by Phillip North
via Biblical Insights, Vol. 8, No. 8, Aug. 2008.
Much has been preached and written on how mankind, especially Christians, should and must practice forgiveness. No doubt it is a command, not a mere option. Jesus said, "But if you forgive men their trespasses, your heavenly Father will also forgive you: But if you forgive not men their trespasses, neither will your Father forgive your trespasses" (Matthew 6:13,14). Upon completion of the Parable Of The Unmerciful Servant, Christ said, "So likewise shall My heavenly Father do also unto you, if you from your hearts forgive not every one his brother their trespasses" (Matthew 18:35). Paul often mentioned the necessity of forgiving (Ephesians 4:32; Colossians 3:13).
Like most things, there is a misuse and an abuse of forgiveness. When one repeatedly wrongs another, either by maliciously committing the same sins from one person to another, or by simply wrongdoing the same individual continually, the appeal is made to what the Bible says about forgiving someone "seventy times seven." That is to say, it must always be done no matter how many times someone is wronged by the same person. While Jesus does tell Peter that one must be forgiven "seventy times seven" (Matthew 18:22), Luke makes this record of Jesus' instruction -- "Take heed to yourselves; If your brother trespass against you, rebuke him. and if he repent, forgive him. And if he trespass against you seven times in a day, and seven times in a day turns again to you saying, I repent, thou shalt forgive him" (Luke 17:3-4).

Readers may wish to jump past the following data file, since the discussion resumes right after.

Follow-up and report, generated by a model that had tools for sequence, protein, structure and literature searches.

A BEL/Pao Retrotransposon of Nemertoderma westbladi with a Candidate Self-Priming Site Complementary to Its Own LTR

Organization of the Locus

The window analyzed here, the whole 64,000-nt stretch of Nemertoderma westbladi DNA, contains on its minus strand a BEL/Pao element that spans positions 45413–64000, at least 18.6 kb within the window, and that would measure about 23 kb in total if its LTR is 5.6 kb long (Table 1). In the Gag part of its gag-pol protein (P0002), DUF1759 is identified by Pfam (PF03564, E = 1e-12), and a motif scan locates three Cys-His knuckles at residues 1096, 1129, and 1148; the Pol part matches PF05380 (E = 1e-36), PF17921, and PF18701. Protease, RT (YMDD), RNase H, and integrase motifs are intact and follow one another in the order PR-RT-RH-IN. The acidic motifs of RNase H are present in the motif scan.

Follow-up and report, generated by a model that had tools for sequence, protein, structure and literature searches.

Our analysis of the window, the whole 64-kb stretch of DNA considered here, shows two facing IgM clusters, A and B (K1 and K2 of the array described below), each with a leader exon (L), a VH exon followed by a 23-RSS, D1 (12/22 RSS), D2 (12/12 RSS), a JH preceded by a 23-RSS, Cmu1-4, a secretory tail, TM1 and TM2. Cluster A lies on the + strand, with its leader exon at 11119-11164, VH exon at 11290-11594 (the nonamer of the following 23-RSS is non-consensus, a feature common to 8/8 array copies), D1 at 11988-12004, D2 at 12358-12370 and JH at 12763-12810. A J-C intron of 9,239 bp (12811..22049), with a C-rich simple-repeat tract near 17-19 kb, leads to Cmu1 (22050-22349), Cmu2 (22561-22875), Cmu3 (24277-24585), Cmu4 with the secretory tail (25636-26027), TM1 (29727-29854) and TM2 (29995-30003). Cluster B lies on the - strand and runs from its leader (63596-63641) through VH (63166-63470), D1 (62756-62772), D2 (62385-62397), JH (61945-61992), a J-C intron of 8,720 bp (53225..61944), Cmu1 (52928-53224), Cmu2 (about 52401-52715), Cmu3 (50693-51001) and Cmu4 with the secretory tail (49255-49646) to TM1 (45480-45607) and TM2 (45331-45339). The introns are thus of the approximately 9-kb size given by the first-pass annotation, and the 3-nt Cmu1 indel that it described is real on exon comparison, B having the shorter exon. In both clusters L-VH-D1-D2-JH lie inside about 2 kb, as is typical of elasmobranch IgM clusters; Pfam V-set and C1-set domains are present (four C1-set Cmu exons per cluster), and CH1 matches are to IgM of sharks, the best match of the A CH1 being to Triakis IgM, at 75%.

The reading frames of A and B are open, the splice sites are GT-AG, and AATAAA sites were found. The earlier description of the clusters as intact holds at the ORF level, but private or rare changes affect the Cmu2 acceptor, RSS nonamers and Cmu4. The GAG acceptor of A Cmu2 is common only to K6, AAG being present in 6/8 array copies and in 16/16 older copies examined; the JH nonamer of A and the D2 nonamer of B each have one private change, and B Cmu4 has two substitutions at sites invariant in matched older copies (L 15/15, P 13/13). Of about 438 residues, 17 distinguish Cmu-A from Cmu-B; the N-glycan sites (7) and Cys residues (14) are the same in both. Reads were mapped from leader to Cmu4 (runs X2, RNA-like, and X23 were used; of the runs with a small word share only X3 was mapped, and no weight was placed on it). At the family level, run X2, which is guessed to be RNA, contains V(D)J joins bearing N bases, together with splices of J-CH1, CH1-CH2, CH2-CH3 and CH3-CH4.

This shows that the one committing the wrong needs to have a penitent heart! Every effort should be made not to continue in his sinning. It appears that some tend to "hide behind" this verse of Scripture while continuing wrongdoing. To repent means to "turn away from." It means to make a 180 degree turn, "an about face." Hence, the one seeking forgiveness should be sincere in doing so. God demands genuine repentance. He does not wish for us to "play upon someone's sympathies" and toy with mercy. Paul said, "Now I rejoice, not that you were made sorry, but that you sorrowed to repentance: for you were made sorry after a godly manner; that you might receive damage by us in nothing. For godly sorrow worketh repentance to salvation not to be repented of: but the sorrow of the world worketh death" (II Corinthians 7:9-10). True repentance must carry with it "godly sorrow," and it must, therefore, be "after a godly manner." Only then can it be said this individual "sorrowed to repentance," and thus, truly repented.
Forgiveness is a "two-way street." Yes, the one who is wronged must forgive. Howbeit, the one who committed the wrongdoing must truly repent! The offender who abuses the "seventy times seven" command by Jesus needs to correct his his heart and realize that Jesus said true repentance must be seen. One must cease wrongdoing. Otherwise, how can one expect God to forgive him of his own sins?
This kind of behavior manifests one to be defiant of the Golden Rule, lacking in self-discipline, and void of true spirituality.